Skip to content Skip to left sidebar Skip to footer


Since time immemorial, the biggest holidays in the Land of Suiti have been associated with church patrons. As a larger market was usually held on these days, bishops or other important church official came for visitations, which added more importance to the services. In Alsunga, the patron saint of the church has been the holy archangel Michael for several centuries. Therefore, the biggest holiday of the year is celebrated on Michael’s Day, September 29, or, lately, on the weekend closest to it.

Since there is a Catholic church of St. John in Gudeniekos, the main church holiday falls on June 24. It is a little different in Jūrkalne, where there is the Catholic church of St. Joseph. And the holiday should be celebrated on Joseph’s Day, which is March 19. However, since this date may fall during Lent, when the celebration of major holidays is not supported by Catholics, it has been decided to celebrate the holiday on the day of the Assumption of the Virgin Mary, which falls on August 15. In Jūrkalne, this day is called Day of Herbs. Because on this day, at the end of the service, the bouquets of herbs brought to the church were blessed.

The scale of the festivities has, of course, always depended on available funding, people’s entrepreneurship and the interest of the local government. A more ambitious celebration of St. Michael’s Day in Alsunga began with the establishment of its own Alsunga district municipality in 2009. Time will tell what the further development of this holiday will be in the future.

Drone singing festival

Another event, which has been focused on Suiti folklore and once every four years gathers many people in Suiti region, is the international Drone singing (Burdona) festival. The traditional eeeeeeeeōōōō singing of the Suiti women, that we are used to, is called drone singing in scientific terminology. Drone singing is one of the oldest forms of polyphony in traditional music (both vocal and instrumental). It has been rooted in the culture of the pre-Christian period and can still be found today in the form of a living tradition in the Baltics, the Balkans, the Carpathians, Georgia and the Iberian Peninsula. There are still some regions in Latvia, a kind of anclaves, where drone singing traditions have never stopped. They are found in the Land of Suiti (Alsunga, Gudenieki, Jūrkalne), as well as in Bārta, Nīca, and in some places in Latgale.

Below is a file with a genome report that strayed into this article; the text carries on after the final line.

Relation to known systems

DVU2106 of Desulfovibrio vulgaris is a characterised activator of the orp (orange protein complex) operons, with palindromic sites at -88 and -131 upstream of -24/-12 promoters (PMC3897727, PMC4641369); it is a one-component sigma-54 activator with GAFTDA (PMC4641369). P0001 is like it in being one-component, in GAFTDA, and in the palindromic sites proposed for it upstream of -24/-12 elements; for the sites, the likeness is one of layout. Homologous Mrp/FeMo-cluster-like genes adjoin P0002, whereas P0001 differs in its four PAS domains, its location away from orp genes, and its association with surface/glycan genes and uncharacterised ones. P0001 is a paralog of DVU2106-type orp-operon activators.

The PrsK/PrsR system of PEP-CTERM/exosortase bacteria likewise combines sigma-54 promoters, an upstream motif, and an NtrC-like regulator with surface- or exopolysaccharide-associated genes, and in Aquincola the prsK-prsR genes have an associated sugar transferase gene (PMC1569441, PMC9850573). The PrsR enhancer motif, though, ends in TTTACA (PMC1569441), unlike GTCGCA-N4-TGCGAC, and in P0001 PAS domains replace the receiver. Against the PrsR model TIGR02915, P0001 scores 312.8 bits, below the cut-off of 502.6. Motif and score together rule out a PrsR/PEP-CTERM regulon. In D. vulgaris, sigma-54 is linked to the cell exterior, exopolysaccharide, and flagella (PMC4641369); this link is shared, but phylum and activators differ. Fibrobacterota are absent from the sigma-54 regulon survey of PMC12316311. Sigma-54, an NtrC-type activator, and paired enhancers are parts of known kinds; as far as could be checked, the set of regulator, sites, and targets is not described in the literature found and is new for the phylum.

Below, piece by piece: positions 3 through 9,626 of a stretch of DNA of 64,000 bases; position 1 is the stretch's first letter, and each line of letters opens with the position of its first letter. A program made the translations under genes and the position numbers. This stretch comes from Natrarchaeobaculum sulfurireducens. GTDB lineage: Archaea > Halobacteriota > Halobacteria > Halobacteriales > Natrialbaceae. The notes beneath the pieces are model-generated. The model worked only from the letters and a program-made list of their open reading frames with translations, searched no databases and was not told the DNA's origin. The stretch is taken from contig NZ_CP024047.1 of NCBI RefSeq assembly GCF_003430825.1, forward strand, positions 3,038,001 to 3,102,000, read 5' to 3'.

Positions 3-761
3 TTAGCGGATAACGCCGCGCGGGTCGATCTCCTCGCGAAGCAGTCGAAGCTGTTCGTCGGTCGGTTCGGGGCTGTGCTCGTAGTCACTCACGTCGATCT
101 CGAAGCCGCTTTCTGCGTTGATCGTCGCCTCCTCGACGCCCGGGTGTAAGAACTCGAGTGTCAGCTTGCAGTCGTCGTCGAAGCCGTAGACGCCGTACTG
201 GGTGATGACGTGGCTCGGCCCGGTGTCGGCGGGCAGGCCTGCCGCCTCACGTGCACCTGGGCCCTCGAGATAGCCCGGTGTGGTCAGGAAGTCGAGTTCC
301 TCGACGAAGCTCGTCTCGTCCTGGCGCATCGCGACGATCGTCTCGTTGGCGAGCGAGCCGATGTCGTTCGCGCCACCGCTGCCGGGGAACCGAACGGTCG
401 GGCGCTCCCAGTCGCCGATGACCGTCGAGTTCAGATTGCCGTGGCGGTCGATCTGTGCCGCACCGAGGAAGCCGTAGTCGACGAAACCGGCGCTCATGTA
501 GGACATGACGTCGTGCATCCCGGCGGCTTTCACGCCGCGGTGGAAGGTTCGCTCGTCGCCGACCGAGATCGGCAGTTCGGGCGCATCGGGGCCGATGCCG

Drone singing festivals are organized by the Foundation Ethnic Culture Center Suiti. The first festival took place in 2004, the second in 2007, the third in 2010, the fourth in 2014, and the fifth in 2017, and so on.

The international Drone singing festival is a good way to revive folk traditions, inherited from generation to generation, as an inherited value in the modern rural cultural environment and popularize it in the wider society in Latvia and beyond its borders. In the future, it could apply for CIOFF status for this festival (international organization of festivals of traditional culture under UNESCO). This would mean even more prestige and recognition for this festival. Until now, only the international folklore festival Baltica has such a status in Latvia.